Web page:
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Old 03-19-2010, 12:39 PM   #1
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220 vs. 110 dryer.


I'm putting in new mobile in old park with aluminum wiring. Wiring from pedestal to mobile will be new, non aluminum and up to code. Manager says that 220 dryer not allowed because it puts too much stress on park wiring, that I must use 110 dryer. Is this true that 110 dryer stresses their wiring less than a 220 dryer? Does it really make any difference to their system? Thanks

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Old 03-19-2010, 12:42 PM   #2
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220 vs. 110 dryer.


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I'm putting in new mobile in old park with aluminum wiring. Wiring from pedestal to mobile will be new, non aluminum and up to code. Manager says that 220 dryer not allowed because it puts too much stress on park wiring, that I must use 110 dryer. Is this true that 110 dryer stresses their wiring less than a 220 dryer? Does it really make any difference to their system? Thanks
110 volt(actually 120 volts) means a gas dryer. Yes a 240 volt dryer uses more power than a 120 volt one.

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Old 03-19-2010, 06:41 PM   #3
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220 vs. 110 dryer.


I would think for the same wattage element load (say X watts), a 220 v dryer would use 1/2 the current (amps) of a 120 v dryer. All told, the power requirement would be the same X watts wouldn't it?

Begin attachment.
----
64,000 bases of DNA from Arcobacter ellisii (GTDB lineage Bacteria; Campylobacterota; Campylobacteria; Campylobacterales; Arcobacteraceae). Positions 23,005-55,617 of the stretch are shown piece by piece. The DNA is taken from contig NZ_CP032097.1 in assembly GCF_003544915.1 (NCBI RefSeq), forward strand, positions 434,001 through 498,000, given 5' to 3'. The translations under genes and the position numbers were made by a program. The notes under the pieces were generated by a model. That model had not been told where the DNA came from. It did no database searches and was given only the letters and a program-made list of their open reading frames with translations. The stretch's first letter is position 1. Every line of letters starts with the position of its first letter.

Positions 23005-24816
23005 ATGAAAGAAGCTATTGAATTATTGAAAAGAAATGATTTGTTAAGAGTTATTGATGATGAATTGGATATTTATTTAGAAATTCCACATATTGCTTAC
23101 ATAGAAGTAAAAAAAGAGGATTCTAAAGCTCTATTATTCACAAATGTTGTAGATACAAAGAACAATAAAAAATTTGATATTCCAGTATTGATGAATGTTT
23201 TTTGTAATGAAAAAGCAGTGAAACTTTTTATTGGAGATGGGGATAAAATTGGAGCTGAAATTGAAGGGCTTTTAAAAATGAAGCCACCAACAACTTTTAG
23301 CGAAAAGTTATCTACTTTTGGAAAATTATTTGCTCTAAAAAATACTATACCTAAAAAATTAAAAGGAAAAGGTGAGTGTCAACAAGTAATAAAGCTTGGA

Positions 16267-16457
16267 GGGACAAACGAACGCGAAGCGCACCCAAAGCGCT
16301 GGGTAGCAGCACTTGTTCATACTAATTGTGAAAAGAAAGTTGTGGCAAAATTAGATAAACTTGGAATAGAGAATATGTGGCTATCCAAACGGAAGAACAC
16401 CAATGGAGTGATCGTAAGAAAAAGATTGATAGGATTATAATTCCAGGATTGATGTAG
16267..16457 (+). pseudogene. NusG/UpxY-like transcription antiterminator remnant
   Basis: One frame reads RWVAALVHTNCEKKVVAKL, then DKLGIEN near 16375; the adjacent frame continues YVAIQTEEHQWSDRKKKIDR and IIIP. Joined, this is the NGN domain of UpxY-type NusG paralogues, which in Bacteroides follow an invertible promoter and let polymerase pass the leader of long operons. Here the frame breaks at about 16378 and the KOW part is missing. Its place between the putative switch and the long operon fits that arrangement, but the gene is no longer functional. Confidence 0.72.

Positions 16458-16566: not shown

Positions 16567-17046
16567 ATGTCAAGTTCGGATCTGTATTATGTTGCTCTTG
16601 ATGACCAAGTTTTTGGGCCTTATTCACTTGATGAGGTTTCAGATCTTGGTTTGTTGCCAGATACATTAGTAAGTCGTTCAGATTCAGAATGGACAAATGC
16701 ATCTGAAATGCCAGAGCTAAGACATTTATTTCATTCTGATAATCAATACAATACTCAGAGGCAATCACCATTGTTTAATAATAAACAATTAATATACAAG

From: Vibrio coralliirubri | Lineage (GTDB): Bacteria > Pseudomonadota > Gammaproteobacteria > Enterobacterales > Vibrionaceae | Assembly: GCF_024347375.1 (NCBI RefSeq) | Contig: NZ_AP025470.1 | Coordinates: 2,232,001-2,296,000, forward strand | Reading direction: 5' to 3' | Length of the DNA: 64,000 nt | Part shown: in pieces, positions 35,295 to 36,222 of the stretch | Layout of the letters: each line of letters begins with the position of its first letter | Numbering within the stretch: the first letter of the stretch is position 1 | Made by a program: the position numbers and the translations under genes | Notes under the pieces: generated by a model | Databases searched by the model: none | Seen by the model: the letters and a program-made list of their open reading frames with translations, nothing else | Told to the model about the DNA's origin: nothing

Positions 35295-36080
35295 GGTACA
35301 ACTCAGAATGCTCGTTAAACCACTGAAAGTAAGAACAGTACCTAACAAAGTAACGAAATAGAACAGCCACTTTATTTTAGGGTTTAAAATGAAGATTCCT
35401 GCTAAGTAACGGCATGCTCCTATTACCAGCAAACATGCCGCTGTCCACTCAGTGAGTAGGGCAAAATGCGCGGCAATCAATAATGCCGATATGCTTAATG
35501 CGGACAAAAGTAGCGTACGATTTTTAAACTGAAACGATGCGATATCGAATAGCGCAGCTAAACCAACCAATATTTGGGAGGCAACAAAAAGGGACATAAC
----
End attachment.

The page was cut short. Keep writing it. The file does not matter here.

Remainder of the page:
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Old 03-19-2010, 06:58 PM   #4
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220 vs. 110 dryer.


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I would think for the same wattage element load (say X watts), a 220 v dryer would use 1/2 the current (amps) of a 120 v dryer. All told, the power requirement would be the same X watts wouldn't it?
You are correct. A 2000 watt element would draw 1/2 the current at 240 volts as the same 2000 element would draw at 120 volts. I don't think youy'll find a 240 volt dryer with the same element as a 120 volt dryer.
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Old 03-20-2010, 05:35 AM   #5
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220 vs. 110 dryer.


They make 120 volt electric driers.

Your park manager, is incorrect.

A 240 volt electric drier will tax the electrical system less then a 120 volt will.

On 120 volt, all the current is through 1 wire. With 240 volt, its spread across 2 wires.

The element of a 120 volt drier is lower then on 240 volt models. But your still drawing 1440 watts.
And running much longer to dry the clothes.
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Old 03-20-2010, 06:57 AM   #6
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220 vs. 110 dryer.


240 volt dryers average 4500 watts not 1440 watts.
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Old 03-20-2010, 07:00 AM   #7
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220 vs. 110 dryer.


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240 volt dryers average 4500 watts not 1440 watts.

Sorry. I was referring to the wattage of a 120 volt dryer.
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Old 03-20-2010, 09:30 AM   #8